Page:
Joining Private Networks over the Internet: Back to Back ISA Server DMZs on Both Sides, Part 2


Joining Private Networks over the Internet:


Back to Back ISA Server DMZs on Both Sides, Part 2


By Thomas W Shinder M.D


In part 1 of this two part article on how to join private networks where both sides are using a back to back DMZ configuration, we discussed the basic principles of the design and went through the details of the network configuration and setting up the connection between the external ISA Server firewall VPN gateways. In this article we’ll continue where we left off.


Get the Book!


At this point you have used the local VPN Wizard on the external ISA Server firewall VPN gateway machine. Now we need to make a couple of tweaks to the RRAS configuration:



  1. Open the Routing and Remote Access console from the Administrative Tools menu.
  2. In the left pane of the console, right click on your server name and click Properties.
  3. In the Properties dialog box for the server, click on the IP tab. Since it’s very unlikely that you’ll have a DHCP server on your DMZ, you’ll need to create a static address pool so that the Local VPN gateway and the Remote VPN gateway have IP addresses to assign the participants in the gateway to gateway link. You might also want to add extra addresses to the pool if you’re planning on using the machine as a VPN server (in addition to its role as a VPN gateway). In the Adapter drop down list box, select the internal interface of the ISA Server. Click Apply and then click OK after adding the addresses.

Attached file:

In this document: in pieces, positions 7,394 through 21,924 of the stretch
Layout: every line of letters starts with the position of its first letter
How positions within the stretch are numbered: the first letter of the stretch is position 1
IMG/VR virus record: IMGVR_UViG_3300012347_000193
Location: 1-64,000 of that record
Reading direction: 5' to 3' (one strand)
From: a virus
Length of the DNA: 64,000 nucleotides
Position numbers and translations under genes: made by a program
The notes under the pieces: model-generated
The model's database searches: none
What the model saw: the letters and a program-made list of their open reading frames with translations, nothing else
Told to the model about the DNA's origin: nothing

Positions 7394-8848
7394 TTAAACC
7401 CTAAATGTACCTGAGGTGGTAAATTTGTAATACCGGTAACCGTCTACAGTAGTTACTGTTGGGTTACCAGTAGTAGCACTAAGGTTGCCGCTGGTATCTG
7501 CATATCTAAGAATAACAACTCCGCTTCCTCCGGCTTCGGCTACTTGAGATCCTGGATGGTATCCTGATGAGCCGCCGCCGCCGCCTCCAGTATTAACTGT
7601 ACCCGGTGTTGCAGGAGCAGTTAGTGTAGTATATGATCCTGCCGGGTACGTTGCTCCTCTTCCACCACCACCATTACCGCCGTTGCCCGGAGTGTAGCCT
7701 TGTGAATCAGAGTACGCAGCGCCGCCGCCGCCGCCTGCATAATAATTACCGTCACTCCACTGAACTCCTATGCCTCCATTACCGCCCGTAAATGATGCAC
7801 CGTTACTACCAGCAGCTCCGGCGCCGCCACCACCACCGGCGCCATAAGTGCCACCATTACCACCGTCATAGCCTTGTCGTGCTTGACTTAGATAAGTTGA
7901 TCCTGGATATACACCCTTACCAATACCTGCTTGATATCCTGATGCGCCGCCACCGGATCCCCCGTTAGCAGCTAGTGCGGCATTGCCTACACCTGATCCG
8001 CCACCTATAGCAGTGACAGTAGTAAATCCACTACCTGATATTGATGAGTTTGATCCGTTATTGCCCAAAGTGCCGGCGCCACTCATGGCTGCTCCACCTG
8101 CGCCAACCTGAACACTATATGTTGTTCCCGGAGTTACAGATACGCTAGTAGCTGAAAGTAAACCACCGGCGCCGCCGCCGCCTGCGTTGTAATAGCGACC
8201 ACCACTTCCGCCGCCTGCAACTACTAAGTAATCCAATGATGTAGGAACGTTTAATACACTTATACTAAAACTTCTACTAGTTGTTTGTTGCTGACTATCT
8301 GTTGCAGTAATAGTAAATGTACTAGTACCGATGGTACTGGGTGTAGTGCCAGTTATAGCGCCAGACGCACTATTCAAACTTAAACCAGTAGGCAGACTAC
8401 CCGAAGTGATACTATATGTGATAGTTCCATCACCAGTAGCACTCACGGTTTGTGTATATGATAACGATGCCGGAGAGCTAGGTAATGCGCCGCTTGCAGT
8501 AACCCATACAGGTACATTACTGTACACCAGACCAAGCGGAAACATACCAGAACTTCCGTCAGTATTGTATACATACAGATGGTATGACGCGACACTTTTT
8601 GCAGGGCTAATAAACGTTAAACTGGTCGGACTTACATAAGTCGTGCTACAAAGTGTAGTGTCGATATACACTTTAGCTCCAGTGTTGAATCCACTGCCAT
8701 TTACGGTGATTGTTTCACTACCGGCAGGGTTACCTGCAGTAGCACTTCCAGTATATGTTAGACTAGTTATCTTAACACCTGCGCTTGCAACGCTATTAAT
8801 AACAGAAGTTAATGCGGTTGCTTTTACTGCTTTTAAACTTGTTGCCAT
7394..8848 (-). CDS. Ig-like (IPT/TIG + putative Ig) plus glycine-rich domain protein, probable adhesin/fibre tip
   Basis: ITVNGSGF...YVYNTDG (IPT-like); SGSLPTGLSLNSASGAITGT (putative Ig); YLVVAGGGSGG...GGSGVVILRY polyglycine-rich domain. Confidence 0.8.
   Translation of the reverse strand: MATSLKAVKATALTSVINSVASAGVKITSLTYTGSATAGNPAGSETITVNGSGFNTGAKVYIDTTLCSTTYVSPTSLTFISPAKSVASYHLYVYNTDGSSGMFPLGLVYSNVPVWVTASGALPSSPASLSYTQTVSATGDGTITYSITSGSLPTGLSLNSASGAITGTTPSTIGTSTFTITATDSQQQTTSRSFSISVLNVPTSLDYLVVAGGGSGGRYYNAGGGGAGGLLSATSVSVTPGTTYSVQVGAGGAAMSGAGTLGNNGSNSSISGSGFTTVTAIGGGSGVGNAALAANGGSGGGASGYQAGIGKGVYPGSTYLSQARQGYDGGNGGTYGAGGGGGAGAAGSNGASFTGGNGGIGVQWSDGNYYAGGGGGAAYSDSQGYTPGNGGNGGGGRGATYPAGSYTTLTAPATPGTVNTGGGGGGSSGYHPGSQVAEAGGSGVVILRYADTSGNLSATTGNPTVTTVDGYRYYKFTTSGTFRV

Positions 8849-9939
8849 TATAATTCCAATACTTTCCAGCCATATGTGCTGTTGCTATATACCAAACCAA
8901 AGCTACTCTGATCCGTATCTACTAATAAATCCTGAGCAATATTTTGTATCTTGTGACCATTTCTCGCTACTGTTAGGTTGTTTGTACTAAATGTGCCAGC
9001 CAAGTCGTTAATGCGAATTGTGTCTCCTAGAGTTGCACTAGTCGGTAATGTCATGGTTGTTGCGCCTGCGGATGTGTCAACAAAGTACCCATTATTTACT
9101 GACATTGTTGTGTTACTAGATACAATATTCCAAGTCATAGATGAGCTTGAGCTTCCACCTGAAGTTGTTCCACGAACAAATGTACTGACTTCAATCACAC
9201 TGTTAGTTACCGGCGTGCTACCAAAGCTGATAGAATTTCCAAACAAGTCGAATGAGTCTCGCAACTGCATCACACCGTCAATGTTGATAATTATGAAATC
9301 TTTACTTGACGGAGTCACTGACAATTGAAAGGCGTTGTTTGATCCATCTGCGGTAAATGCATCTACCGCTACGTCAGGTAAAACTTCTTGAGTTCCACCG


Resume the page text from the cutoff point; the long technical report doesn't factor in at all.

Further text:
1. In the left pane of the Routing and Remote Access console, click on the Routing Interfaces node. In the right pane of the console, double click on the demand-dial interface created by the Wizard. In the interface properties dialog box, click on the Options tab. Select the Persistent connections option and change the value in the Redial attempts text box to 0. Click OK.



  1. Right click on your server name, point to All Tasks and click on the Restart command. This should allow the Routing and Remote Access service to bind one of the IP addresses we added to the static pool.

Get the New Book!


Take the .vpc file created by the Local VPN Wizard to the external ISA Server at the branch office and perform the following steps:



  1. Open the ISA Management console, expand your server name and right click on the Network Configuration node. Click on the Set Up Remote ISA VPN Server command.
  2. Click Next on the Welcome to the Remote ISA Server VPN Configuration Wizard page. Click Yes in the dialog box informing you that you need to start the Routing and Remote Access service.
  3. On the ISA VPN Computer Configuration File page, use the Browse button to find the .vpc file you created and type in the password you assigned to the file. Click Next.
  4. Click Finish to complete the Wizard on the Remote external VPN gateway.

Now we need to do a little tweaking of the RRAS configuration on the Remote external VPN gateway:



  1. Open the Routing and Remote Access console from the Administrative Tools menu.
  2. In the left pane of the console, right click on your server name and click Properties.